Posts Tagged ‘twitter lawsuit’
After blocking access to Twitter on March 21 and increasing the severity of that ban a few days later, Turkey has finally lifted the suspension of Twitter across the country after the nation’s Constitutional Court ruled that the move, which was widely condemned, had breached freedom of expression.
A tweet posted by Courtney Love, singer and frontwoman of the band Hole, was not defamatory, a US jury has decided in a closely-watched and possibly landmark legal case.
Picture the scene. You’re happily married. Then, one day, you’re not, going through a messy divorce. Years later, you find out that your wife was an early, secret investor in Twitter. A fact that she hid from you. Now, post Twitter IPO, that investment is worth tens of millions.
What do you do?
A freelance photo-journalist has made a tidy sum, thanks to a jury ruling in his favor on Friday. The issue at hand? Copyright over photos he posted to Twitter.
You don’t hear it a lot, but one by-product of Twitter’s new API restrictions is the affect it will have on tools typically regarded as spammers.
They’re either disappearing (for the most part) or following the straight and narrow.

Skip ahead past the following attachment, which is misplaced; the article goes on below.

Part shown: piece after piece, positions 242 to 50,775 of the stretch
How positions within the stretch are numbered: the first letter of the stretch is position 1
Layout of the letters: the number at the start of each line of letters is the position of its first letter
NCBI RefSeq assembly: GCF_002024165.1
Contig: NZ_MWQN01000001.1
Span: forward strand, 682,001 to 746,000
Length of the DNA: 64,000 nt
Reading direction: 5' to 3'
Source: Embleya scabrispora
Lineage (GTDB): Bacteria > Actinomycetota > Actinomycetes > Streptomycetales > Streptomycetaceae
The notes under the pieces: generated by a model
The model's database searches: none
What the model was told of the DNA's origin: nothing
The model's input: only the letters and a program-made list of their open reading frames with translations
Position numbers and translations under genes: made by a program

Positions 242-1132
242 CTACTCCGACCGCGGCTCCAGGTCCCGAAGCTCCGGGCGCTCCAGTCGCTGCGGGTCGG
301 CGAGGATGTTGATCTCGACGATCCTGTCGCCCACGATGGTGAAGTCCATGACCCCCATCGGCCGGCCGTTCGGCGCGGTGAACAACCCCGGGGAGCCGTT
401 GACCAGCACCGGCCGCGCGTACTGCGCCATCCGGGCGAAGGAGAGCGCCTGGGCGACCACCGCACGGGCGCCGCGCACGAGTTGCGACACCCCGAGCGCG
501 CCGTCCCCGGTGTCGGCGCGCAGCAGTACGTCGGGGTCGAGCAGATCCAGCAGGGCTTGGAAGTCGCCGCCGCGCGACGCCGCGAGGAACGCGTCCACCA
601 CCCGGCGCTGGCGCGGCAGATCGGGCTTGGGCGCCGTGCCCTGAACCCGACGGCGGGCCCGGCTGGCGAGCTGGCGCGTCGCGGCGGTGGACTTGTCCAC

One such tool, that Twitter took to court not too long ago, just announced updates that will put it in compliance with the new and improved Twitter. And its capabilities look pretty handy!
We told you about Twitter’s refusal to identity the account holders behind a series of anti-Semitic tweets and then a French Court ordering Twitter to comply . . . and now Twitter is getting sued for holding out.
But those on the other side of this lawsuit shouldn’t start counting their money yet, because in true Twitter form, the scrappy little blue bird is coming out swinging.
Twitter filed suit in federal court in San Francisco today against spammers. The suit goes after tool providers “that willfully encourage and enable the distribution of spam on Twitter.” Yay, Twitter!
Just as Facebook and Google, Twitter has had enough of the malicious links that clutter users’ streams and seems prepared to follow through and shut down the spammers that muck up the platform.
Earlier in the month, we wrote about the exploits of an anonymous Twitter user that blew the whistle on a number of gagging orders – known as super-injunctions – that had been established in a court of law by various celebrities in the United Kingdom.
To date, it appears to be a one-time thing, as the profile hasn’t updated since it first tweeted on May 8. But while the revelations did contain some errors – thankfully, Jeremy Clarkson has not had any kind of intimate relationship with Jemima Khan – clearly there was a fair bit of factual accuracy in the tweets. And now, thanks to an ill-advised legal campaign by one of the outed stars, Twitter has been flung firmly into the limelight. And its denizens have responded in kind.
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